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Millions of children around the world are at increased risk of online sexual exploitation, violence and cyberbullying as they spend more time on virtual platforms due to the closing of schools amid COVID-19 lockdowns. More than 1.5 billion children and young people have been affected by the closing of schools worldwide. Spending more time on virtual platforms can leave children vulnerable to online sexual exploitation and grooming, as predators look to exploit the COVID-19 pandemic

Keeping kids safe online amid Lockdown:

  • School closures and strict containment measures mean more and more families are relying on technology and digital solutions to keep children learning, entertained and connected to the outside world, but not all children have the necessary knowledge, skills and resources to keep themselves safe online
  • More than 5 billion children and young people have been affected by school closures worldwide. Many are online now taking classes and socializing.
  • Under the shadow of COVID-19, the lives of millions of children have temporarily shrunk to just their homes and their screens.
  • Spending more time on virtual platforms can leave children vulnerable to online sexual exploitation as predators capitalize on the COVID-19 pandemic.
  • The UN agency maintained that a lack of face-to-face contact with friends and partners may lead to heightened risk-taking, such as sending sexualized images. At the same time, increased and unstructured time online may also expose children to potentially harmful content as well as a greater risk of cyberbullying.

Digital dangers:

  • ICTs have amplified traditional dangers (bullying, for example) and created new forms of child abuse and exploitation, such as made-to-order child sexual abuse material, self-generated content and the broadcasting of live sex abuse
  • Children are disproportionately affected by online dangers, including loss of privacy. They are less likely to understand the risks and more likely to suffer the harms. This particular vulnerability sheds light on when risk turns into actual harm for children.
  • Since 2012, an estimated 100 million children, most from Africa and South-East Asia, have connected to the internet for the first time. Without proper safeguards, the world’s most disadvantaged children will face even greater risk when exposed to the online risk of harm.

Effects of exposure:

  • In the absence of other information, pornography can be the main source of a child’s sex education.
  • The use of pornography by adolescents is associated with stronger permissive sexual attitudes (e.g., premarital sex, casual sex). There is some evidence that exposure to pornography can increase the likelihood of earlier first-time sexual experience, particularly for those adolescents who consume pornography more frequently.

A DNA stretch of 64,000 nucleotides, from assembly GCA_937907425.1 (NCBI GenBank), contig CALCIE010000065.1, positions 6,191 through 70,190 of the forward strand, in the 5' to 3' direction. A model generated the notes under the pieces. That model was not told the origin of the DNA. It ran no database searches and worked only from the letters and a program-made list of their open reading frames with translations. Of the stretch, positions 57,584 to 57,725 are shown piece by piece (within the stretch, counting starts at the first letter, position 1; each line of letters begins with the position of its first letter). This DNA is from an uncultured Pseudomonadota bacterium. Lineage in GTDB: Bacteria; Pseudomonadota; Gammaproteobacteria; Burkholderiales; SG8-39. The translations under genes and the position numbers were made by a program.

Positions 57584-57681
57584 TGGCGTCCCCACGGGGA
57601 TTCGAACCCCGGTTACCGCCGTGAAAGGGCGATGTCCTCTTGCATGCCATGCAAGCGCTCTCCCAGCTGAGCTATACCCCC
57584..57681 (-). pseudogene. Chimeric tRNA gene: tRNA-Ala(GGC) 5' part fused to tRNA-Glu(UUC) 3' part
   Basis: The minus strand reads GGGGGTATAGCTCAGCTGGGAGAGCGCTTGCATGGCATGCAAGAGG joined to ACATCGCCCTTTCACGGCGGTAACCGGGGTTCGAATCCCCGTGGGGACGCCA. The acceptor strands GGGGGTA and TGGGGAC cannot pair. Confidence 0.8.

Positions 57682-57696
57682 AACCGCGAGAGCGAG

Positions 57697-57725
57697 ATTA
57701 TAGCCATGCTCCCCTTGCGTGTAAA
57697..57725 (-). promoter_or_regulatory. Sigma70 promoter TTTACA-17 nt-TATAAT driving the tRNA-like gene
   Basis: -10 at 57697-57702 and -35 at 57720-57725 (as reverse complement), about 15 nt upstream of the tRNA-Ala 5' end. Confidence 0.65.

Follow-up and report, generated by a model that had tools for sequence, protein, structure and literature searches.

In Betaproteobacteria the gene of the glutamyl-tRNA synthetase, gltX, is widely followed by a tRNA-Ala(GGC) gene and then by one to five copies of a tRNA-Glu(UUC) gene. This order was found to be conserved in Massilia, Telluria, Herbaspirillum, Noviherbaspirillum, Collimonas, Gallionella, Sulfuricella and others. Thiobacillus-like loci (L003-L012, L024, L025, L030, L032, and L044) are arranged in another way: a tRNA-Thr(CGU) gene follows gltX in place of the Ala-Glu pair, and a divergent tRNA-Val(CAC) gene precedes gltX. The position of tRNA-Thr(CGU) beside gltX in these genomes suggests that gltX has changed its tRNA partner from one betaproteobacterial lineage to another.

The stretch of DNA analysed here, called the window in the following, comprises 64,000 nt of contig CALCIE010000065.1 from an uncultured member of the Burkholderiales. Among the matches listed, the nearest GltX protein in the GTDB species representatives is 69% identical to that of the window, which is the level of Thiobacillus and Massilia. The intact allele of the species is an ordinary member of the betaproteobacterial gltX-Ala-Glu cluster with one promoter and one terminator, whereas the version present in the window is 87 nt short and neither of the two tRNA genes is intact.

• Pornography can influence a young person’s expectations about sex, for example what young men expect their partners to do and vice versa.
  • Pornography is also associated with unsafe sexual health practices such as not using condoms and unsafe anal and vaginal sex.
  • Gaps between expectations and reality can produce “sexual uncertainty” about sexual beliefs and values and may also be related to sexual dissatisfaction, anxiety and fear. The content of pornography may reinforce double standards of an active male sexuality and passive female receptacle.
  • Both male and female consumers of pornography had increased levels of self-objectification and body surveillance.
  • Adolescent pornography use is associated with stronger beliefs in gender stereotypes, particularly for males. Male adolescents who view pornography frequently are more likely to view women as sex objects and to hold sexist attitudes such as women “leading men on”.
  • Pornography may strengthen attitudes supportive of sexual violence and violence against women. There is evidence of an association between consuming pornography and perpetrating sexual harassment for boys.
  • Sexual preoccupation, compulsive consumption and “addiction” can be associated with the frequency of viewing pornography and also the purposes of using pornography

Way Forward:

  • Governments should keep child protection services open and active during the pandemic and to train health, education and social service workers on the impacts that COVID-19 may have on their well-being, including increased online risks. Moreover, they are requested to step up awareness raising and educational initiatives on cyber safety and to provide local helplines and hotlines.
  • Meanwhile, the information technology industry, including social networking platforms, should enhance online platforms with more safety measures, especially while using virtual learning tools. They should promote and facilitate child safety referral services and helplines as well as help connect disadvantaged children in low-income households.
  • Schools should update current safeguarding policies to reflect the new realities for children learning from home and ensure that they have continued access to school-based counselling services.
  • Parents can help their children develop a critical eye when viewing media.
  • Parents should make sure that their children’s devices have the latest software updates and antivirus programmes. They are also encouraged to speak to their children on how and with whom they are communicating online and to set new internet rules.
  • Multipronged approach to handle cases: Need to handle this cases through multipronged approach such as counselling through Psychiatrist, approaching police, etc.